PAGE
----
Reflection is a critical step in assessing individual and team performance at your nonprofit. A reflective process, whether it is a structured process for individuals or groups, can give us insights about what worked and what could be improved.
Reflection requires hitting the pause button and asking and answering questions. How many of us as individuals have the discipline to notice what we’re doing with our professional work or our team? Our natural tendency is to keeping moving forward on the to do list, to forget, not to notice, or to be so caught up with our own world that we fail to be sensitive to the possibilities. What works? What doesn’t? And most importantly what and where to improve or repeat what worked.
Many organizations skip reflection processes or only do it after a major event because it does not feel like checking something off your to do list or moving forward. But, without this important step, we are doomed to repeating the same mistakes, over and over again.
But how to create a routine around reflection for yourself and at your nonprofit? For individuals, it can be simple as keeping a journal, even a one-sentence a day journal or using the 18-minutes a day technique. It is also important for your team or organization to create and use a habit of reflection as a group, but not just quarterly or after a major event, but as a regular routine that can drive organizational learning, transparency & cohesion.
Here are few ideas:
- Build Into Recurring Meetings: Add a permanent spot on the agenda of regular staff or team meetings for reflection. Just like many meetings begin with introductions or sharing the agenda, make sure your ending includes a few minutes of reflection time. This is different from summing up tasks and deadlines at the end of the meeting. It is asking the simple question of how to improve a process, project, or even the meeting itself.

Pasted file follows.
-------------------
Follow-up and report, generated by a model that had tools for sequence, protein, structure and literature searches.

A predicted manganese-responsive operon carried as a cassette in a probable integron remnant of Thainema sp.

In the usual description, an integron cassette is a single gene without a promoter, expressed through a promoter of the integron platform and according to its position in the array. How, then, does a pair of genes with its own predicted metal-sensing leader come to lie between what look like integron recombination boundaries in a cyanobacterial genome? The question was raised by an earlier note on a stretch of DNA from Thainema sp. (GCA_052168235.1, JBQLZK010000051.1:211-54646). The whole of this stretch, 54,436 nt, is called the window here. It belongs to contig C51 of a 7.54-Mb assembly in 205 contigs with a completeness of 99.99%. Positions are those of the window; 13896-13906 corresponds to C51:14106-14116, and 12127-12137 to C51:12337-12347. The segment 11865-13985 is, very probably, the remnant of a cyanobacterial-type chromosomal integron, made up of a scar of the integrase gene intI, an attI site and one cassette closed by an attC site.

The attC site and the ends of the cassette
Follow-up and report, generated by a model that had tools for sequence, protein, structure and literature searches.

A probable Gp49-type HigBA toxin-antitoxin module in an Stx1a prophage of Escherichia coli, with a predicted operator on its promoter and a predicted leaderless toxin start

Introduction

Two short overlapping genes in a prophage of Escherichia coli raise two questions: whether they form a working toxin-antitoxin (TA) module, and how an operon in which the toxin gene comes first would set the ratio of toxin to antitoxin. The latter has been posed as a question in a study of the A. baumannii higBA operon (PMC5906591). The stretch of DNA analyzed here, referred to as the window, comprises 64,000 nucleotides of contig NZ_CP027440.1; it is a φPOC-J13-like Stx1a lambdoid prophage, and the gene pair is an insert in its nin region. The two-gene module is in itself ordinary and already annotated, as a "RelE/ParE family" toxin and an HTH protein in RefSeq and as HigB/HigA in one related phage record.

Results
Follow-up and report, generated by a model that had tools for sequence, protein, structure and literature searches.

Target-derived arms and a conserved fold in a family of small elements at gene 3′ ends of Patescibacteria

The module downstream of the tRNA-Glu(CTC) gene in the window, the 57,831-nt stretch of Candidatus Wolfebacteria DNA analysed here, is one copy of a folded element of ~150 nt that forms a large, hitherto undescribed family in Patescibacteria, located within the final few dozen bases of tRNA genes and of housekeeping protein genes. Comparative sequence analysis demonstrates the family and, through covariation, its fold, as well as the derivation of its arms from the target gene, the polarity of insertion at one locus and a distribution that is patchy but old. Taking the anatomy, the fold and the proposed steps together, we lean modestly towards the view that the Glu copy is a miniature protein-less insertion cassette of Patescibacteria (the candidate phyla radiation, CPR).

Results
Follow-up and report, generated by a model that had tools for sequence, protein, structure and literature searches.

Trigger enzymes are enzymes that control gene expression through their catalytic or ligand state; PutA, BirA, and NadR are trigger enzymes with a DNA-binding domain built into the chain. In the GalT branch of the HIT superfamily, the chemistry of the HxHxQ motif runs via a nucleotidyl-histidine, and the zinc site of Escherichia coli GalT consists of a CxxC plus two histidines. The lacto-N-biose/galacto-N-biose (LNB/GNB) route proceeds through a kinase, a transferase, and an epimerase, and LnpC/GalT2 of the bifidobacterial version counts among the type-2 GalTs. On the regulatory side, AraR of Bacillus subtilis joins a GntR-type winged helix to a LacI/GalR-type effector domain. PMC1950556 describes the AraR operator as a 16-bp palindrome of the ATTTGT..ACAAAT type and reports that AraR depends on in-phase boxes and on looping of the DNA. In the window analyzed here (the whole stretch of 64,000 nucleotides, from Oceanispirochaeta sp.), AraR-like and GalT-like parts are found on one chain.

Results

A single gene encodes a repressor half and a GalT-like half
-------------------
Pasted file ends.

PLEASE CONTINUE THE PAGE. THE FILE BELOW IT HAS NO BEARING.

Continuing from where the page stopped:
- Use Simple Questions: Cue up a couple of guiding questions to drive your reflective discussion or have staff members prepare them in advance as part of the pre-work. A few examples of guiding questions:
- What worked well?
- What did we do really well that we don’t want to forget the next time we do this?
- What could be improved?
- What could we change?
- What didn’t we do that might have worked better?
- What did we learn?
- What surprised us?
- What still puzzles us?
- What questions are not yet answered?
- Use A Structured Process like “After Action Review”: One easy way to incorporate team reflection is to integrate a review process at the end of a project and include others from your organization not directly involved in the project. This is known as an “After Action Review” or “AAR.” This is a structured way to capture the lessons learned from any project, with the intent of improving future performance. It is an opportunity for a group to reflect on a project, activity, event, or task so that they can do it better the next time. It can also be used mid-way through a project or strategy or at the end.
A structured process has a number of benefits. It can get a lot of useful information out in a short amount of time. It creates a safe space to share learning in a way that isn’t about pointing fingers or blaming (if facilitated in the right way). It is also inclusive of different perspectives, from senior leadership to front line program people. And, it dramatically reduces the internal echo-chamber where we restate each other’s points rather than generating new insights."
As part of the Emerging Leaders Playbook Toolkit, you can find an easy 30-60 minute recipe for conducting an After Action Review at your organization. This process can be particularly useful for debriefing after a major event or strategy.
How does your nonprofit routinize reflection at staff meetings, after major projects, or in other ways? What techniques and methods have you used? What works?
The preceding is a cross-post from Beth's Blog. Beth Kanter, @kanter, was named one of the most influential women in technology by Fast Company and is the award-winning author of The Networked Nonprofit books. She is an internationally acclaimed master trainer and speaker.